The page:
I've read a number of opinions about cilantro. Descriptions from the pro-cilantro side say it tastes like fresh air and has a lemony smell. Descriptions from the anti-cilantro side usually say it tastes like soap and smells like bedbugs.
Are they really tasting the same thing differently, some genetic quirk, or is this merely a fussy interpretation of the same taste?
Odd that some people say celery leaves are a good replacement for cilantro. I've never tasted a large amount of cilantro to know definitively how it tastes to me, but I've tasted celery leaves, and soapy and bitter would definitely describe it. then again the leaves I tasted were yellow for some reason, not green.
I hated it as a teenager and thought it tasted like soap. I can't get enough of it now. although I still notice the flavor that reminded me of soap. It just doesn't bother me. There's some interesting stuff about the associations we have with cilantro in a recent NY Times article by Harold McGee, where he interviews Jay Gottfried, a neuroscientist who studies how the brain analyzes smells. "Dr. Gottfried turned out to be a former cilantrophobe who could speak from personal experience. He said that the great cilantro split probably reflects the primal importance of smell and taste to survival, and the brain’s constant updating of its database of experiences.
The senses of smell and taste evolved to evoke strong emotions, he explained, because they were critical to finding food and mates and avoiding poisons and predators. When we taste a food, the brain searches its memory to find a pattern from past experience that the flavor belongs to. Then it uses that pattern to create a perception of flavor, including an evaluation of its desirability.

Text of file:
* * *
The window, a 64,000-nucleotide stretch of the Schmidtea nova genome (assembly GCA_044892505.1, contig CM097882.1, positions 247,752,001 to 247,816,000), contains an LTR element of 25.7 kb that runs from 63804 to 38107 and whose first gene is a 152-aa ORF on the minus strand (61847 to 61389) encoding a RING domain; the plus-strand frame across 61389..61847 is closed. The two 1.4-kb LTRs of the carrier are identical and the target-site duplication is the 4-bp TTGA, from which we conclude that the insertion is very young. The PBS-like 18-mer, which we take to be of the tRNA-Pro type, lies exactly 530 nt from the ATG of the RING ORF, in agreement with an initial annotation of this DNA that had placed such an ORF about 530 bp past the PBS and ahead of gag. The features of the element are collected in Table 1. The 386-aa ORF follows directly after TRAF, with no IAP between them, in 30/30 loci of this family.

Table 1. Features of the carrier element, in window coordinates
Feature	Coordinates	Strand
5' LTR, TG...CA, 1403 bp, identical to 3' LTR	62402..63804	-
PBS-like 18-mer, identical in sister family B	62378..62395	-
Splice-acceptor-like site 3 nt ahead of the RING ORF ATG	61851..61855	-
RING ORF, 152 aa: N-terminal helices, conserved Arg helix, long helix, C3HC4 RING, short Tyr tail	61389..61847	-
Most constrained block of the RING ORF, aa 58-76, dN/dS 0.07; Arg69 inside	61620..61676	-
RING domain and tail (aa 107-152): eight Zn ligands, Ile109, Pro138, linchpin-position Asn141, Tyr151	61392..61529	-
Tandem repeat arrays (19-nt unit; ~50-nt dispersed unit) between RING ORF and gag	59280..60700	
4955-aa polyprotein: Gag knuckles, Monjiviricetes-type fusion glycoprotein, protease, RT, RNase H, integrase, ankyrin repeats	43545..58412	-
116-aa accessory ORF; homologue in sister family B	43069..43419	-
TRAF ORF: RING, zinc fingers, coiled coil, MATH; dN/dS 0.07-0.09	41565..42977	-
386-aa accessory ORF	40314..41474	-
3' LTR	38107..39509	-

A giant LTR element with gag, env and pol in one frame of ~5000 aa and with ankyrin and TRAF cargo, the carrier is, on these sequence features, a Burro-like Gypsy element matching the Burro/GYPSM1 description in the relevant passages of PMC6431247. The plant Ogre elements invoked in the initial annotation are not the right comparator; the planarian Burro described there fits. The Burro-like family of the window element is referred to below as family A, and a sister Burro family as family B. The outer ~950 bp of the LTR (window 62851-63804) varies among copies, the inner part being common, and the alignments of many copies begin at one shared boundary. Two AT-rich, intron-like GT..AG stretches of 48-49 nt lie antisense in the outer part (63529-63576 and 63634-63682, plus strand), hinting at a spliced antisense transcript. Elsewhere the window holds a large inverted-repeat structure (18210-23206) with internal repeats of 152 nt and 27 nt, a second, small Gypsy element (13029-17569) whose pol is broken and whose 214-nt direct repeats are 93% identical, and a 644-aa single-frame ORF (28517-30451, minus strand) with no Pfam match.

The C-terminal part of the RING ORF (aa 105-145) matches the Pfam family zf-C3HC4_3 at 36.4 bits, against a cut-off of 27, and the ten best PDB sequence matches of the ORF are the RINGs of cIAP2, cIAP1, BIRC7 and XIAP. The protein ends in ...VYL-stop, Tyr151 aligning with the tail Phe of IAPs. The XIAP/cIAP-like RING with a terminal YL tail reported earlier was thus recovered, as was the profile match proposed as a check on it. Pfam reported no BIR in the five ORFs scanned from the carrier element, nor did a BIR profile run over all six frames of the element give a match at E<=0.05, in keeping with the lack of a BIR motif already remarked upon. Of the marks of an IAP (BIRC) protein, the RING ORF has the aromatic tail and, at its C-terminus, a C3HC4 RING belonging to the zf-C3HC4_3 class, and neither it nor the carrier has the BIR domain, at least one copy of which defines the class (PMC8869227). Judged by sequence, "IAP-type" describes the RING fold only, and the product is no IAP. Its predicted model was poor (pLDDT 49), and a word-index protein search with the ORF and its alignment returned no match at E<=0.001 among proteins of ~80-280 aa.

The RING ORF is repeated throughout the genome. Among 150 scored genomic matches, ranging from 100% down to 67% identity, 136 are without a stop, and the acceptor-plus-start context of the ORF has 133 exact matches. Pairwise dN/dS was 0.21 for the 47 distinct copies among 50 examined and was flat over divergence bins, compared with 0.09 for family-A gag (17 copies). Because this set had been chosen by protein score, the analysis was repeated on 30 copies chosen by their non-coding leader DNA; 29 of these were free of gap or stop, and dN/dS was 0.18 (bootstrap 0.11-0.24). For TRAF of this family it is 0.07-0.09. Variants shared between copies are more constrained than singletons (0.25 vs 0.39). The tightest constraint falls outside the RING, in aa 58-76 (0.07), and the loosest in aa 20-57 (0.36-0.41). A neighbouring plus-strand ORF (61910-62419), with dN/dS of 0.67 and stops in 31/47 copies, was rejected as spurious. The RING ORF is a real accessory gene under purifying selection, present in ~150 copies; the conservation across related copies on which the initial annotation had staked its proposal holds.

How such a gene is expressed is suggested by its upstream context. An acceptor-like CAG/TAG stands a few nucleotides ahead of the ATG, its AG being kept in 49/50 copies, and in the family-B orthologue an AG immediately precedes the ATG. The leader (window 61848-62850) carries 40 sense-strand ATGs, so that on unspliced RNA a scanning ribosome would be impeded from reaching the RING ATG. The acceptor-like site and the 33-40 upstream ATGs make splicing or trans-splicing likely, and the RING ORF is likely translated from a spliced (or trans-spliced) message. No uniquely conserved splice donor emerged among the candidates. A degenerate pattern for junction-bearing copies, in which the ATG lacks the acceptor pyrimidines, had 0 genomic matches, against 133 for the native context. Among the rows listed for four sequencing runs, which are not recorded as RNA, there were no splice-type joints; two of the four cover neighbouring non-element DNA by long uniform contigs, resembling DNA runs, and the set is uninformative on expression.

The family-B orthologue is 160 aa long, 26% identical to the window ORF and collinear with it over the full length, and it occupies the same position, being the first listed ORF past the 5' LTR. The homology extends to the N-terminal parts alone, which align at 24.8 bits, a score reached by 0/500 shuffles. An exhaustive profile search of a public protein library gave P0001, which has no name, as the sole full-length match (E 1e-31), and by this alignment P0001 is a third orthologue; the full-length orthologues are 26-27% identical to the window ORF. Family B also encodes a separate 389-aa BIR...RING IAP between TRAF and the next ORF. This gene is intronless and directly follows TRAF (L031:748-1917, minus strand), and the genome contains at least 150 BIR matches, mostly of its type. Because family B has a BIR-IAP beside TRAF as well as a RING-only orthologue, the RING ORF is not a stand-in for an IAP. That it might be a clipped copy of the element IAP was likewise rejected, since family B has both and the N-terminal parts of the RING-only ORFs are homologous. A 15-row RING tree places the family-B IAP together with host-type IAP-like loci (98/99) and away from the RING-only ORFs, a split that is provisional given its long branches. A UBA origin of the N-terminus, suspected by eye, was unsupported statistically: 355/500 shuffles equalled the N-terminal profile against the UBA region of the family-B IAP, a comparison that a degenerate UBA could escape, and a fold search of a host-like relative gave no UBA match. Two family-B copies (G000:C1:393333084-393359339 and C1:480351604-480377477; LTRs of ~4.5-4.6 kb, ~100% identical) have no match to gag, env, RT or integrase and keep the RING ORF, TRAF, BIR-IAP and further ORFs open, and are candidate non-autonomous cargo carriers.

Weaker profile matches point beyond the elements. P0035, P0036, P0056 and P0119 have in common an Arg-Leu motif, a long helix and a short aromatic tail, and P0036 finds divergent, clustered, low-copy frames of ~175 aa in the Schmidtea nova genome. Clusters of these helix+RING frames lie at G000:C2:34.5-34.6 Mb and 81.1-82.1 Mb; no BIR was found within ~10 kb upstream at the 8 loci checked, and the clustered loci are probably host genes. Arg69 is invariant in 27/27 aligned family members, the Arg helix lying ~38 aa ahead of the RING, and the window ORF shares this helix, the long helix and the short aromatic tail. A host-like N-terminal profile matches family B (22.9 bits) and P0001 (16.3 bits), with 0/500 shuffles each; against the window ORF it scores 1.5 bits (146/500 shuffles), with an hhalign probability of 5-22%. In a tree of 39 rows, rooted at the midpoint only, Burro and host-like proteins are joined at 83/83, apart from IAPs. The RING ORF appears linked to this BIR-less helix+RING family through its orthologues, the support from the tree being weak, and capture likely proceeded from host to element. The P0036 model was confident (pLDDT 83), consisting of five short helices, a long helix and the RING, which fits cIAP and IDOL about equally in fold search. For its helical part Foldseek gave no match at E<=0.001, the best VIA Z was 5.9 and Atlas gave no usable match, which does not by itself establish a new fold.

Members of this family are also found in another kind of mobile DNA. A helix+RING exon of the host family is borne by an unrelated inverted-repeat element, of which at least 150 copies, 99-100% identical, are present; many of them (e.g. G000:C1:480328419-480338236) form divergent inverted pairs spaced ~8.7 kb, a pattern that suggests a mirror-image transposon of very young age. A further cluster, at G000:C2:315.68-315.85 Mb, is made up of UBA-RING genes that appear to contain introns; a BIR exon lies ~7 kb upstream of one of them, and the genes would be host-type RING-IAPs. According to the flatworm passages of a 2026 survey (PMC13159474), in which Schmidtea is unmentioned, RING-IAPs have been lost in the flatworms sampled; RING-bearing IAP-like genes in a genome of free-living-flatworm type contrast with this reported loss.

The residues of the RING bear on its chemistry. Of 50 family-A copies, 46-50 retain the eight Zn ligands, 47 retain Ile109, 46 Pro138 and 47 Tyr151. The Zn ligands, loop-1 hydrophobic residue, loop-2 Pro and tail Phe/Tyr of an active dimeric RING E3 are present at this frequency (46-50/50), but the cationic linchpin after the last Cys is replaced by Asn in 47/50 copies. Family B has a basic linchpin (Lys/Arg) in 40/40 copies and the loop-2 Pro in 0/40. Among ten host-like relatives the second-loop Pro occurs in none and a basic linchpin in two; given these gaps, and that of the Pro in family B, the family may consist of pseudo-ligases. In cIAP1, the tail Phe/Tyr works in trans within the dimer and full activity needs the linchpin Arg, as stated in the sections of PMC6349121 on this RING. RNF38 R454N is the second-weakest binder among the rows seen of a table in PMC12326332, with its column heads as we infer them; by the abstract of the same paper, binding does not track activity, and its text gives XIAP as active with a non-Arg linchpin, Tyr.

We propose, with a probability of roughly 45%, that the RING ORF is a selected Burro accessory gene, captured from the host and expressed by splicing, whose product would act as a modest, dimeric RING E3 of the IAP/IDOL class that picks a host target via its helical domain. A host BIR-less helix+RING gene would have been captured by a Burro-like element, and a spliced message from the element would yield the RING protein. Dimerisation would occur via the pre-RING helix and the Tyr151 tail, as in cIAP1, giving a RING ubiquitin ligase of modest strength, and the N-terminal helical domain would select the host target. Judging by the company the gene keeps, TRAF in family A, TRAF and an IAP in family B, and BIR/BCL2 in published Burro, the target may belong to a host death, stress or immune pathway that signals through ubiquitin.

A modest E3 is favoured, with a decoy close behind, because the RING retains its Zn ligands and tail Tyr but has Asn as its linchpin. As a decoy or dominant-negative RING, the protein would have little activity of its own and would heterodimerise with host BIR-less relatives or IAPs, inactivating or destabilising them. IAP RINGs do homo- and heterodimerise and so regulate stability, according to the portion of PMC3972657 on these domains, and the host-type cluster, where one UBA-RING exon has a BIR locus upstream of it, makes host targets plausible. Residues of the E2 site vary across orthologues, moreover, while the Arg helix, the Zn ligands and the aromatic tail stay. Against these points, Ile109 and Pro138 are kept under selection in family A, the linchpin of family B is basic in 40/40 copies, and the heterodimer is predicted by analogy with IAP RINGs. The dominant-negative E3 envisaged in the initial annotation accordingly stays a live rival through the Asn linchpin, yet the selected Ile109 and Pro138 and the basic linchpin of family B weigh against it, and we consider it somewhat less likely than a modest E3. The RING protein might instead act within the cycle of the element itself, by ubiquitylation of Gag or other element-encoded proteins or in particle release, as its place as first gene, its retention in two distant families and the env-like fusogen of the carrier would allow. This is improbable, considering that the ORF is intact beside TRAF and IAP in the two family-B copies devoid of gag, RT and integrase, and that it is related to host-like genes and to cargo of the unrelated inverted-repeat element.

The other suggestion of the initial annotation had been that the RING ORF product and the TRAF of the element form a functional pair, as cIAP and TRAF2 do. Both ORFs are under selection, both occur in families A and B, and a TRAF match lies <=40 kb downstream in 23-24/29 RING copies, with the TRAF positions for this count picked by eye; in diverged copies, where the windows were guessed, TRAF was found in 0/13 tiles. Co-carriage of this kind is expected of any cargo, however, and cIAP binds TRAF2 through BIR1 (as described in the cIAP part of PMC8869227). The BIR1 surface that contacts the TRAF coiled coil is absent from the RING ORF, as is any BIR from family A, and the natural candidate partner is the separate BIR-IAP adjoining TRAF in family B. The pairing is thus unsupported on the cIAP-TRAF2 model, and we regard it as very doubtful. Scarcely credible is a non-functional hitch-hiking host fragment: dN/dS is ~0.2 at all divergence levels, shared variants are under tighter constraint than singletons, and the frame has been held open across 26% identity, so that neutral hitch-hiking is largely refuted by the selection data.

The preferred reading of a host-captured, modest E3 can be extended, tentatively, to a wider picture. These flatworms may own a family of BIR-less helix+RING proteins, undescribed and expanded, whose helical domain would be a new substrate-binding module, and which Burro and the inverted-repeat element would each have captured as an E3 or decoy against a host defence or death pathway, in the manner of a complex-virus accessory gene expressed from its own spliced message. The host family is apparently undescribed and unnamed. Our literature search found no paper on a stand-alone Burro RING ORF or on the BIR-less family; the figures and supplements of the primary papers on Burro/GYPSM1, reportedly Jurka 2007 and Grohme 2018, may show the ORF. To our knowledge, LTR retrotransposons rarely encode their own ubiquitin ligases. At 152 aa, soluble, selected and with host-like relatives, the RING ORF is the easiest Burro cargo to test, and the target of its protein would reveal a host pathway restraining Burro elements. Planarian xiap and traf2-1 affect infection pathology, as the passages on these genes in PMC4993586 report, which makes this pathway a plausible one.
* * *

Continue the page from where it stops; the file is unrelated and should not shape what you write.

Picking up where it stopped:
If the flavor doesn’t fit a familiar food experience, and instead fits into a pattern that involves chemical cleaning agents and dirt, or crawly insects, then the brain highlights the mismatch and the potential threat to our safety. We react strongly and throw the offending ingredient on the floor where it belongs.
“When your brain detects a potential threat, it narrows your attention,” Dr. Gottfried told me in a telephone conversation. “You don’t need to know that a dangerous food has a hint of asparagus and sorrel to it. You just get it away from your mouth.”
But he explained that every new experience causes the brain to update and enlarge its set of patterns, and this can lead to a shift in how we perceive a food.
“I didn’t like cilantro to begin with,” he said. “But I love food, and I ate all kinds of things, and I kept encountering it. My brain must have developed new patterns for cilantro flavor from those experiences, which included pleasure from the other flavors and the sharing with friends and family. That’s how people in cilantro-eating countries experience it every day.”
The full article is at http://www.nytimes.com/2010/04/14/dining/14curious.html
So maybe those of us who have developed into cilantro lovers just started having more and more positive experiences with it along the way? Does this mean I could eventually tolerate liver too? Ugh.
I think taste is both genetic and biochemical. For instance, I never did like carrots much. I don't think they are bad, but just meh. But one time, after a 2 week camping trip with intense hiking and exercise, we went into town to a restaurant and the restaurant put out carrots and celery sticks as snacks. For some reason, I had the urge to eat one and so I did. And the taste was like the best taste in the entire world. I ate a total ton of them until they were all gone and I still wanted more. If there had been a store on the way home, I would have stopped and bought more and been eating them in the car as I was driving. SOmething about all that exercise. I guess I just needed something in that carrot really badly and so my brain found a way to get me to eat em by making them taste good. In fact, I have noticed after long camping trips that my tastes do tend to change quite a bit at times as to what I do and do not want to eat and as to what tastes best.
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